Scientific Events and Outreach Coordinator Wild Animal Initiative Fairfax, Virginia, United States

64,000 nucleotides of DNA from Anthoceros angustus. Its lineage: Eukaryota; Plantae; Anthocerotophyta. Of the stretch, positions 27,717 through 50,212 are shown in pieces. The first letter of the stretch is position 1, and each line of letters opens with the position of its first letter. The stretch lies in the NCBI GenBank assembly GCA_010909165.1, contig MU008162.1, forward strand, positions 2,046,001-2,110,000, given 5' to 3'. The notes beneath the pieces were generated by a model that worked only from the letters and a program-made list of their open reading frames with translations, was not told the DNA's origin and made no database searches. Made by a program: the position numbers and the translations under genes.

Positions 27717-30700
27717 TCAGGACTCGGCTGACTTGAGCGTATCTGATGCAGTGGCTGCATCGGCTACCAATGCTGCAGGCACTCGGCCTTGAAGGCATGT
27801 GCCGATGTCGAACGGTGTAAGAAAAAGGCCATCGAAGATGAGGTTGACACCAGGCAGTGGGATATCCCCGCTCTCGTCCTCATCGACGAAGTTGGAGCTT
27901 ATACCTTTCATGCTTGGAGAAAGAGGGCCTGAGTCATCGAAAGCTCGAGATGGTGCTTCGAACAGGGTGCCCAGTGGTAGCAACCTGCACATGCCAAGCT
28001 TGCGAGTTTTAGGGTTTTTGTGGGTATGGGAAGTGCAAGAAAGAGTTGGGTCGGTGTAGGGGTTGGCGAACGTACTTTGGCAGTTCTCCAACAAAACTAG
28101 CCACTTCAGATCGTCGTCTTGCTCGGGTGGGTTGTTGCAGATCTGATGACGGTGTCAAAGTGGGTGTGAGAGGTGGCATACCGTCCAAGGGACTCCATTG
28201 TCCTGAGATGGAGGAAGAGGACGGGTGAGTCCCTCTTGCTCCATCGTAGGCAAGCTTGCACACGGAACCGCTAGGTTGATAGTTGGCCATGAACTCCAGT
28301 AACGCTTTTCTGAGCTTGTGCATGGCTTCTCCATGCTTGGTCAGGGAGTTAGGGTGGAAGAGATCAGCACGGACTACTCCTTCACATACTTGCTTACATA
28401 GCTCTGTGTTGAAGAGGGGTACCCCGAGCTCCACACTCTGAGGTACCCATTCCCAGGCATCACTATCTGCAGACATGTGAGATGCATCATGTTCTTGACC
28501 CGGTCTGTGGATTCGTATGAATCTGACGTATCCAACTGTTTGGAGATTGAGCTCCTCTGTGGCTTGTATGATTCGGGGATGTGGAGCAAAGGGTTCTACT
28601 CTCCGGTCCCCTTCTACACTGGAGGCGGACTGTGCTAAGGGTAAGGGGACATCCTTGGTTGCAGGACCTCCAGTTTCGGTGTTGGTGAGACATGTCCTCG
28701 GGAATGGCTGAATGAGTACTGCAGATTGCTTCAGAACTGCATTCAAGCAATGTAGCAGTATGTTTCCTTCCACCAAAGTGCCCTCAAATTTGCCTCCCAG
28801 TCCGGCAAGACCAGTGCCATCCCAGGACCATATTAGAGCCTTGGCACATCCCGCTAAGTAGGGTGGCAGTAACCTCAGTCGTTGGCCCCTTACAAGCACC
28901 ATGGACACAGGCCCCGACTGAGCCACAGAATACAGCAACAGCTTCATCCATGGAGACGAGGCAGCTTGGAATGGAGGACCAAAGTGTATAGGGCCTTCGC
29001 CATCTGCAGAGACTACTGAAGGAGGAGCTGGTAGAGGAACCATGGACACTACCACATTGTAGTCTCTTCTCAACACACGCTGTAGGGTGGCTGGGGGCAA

Animal welfare literature demonstrates that an animal's behavior is strongly influenced by their welfare, and subjective experiences. Behavior is a fundamental component of ecology: an animal’s behavior mediates their interactions within and between species and with the abiotic environment. Behavior consequently links biotic and abiotic factors together and determines biodiversity and ecosystem processes. Thus, changes in an animals’ behavior can influence ecosystem structure, dynamics, and function.Consequently, understanding an animal's perspective is pivotal to the understanding of its ecology and vice versa. By recognizing animals’ subjective experiences ecologists can not only better understand animals’ welfare but also their ecology, including motivations underlying migration and breeding behaviors. Further, applying a welfare lens to the study of wild animals in their wild landscapes can provide insights to the future impacts of climate change. In this talk, we will describe ways in which applying a welfare lens can enhance understanding across a range of ecological studies from behavioral ecology to community and ecosystem dynamics. Whilst there is an increasing number of tools and techniques for assessing welfare in captive environments, monitoring and measuring welfare in the wild is not so straightforward. In this talk we also describe some of the challenges for monitoring welfare in the wild and how to overcome them. Further, we describe how integrating welfare-focused behavioral assessments can both provide indicators of welfare and enhance the study of behavioral ecology. Finally, we describe how wild animal welfare science can enhance both wildlife management and conservation practice, by providing some examples of how welfare assessment can be integrated into interventions, such as headstarting, translocation, population management, and disease management.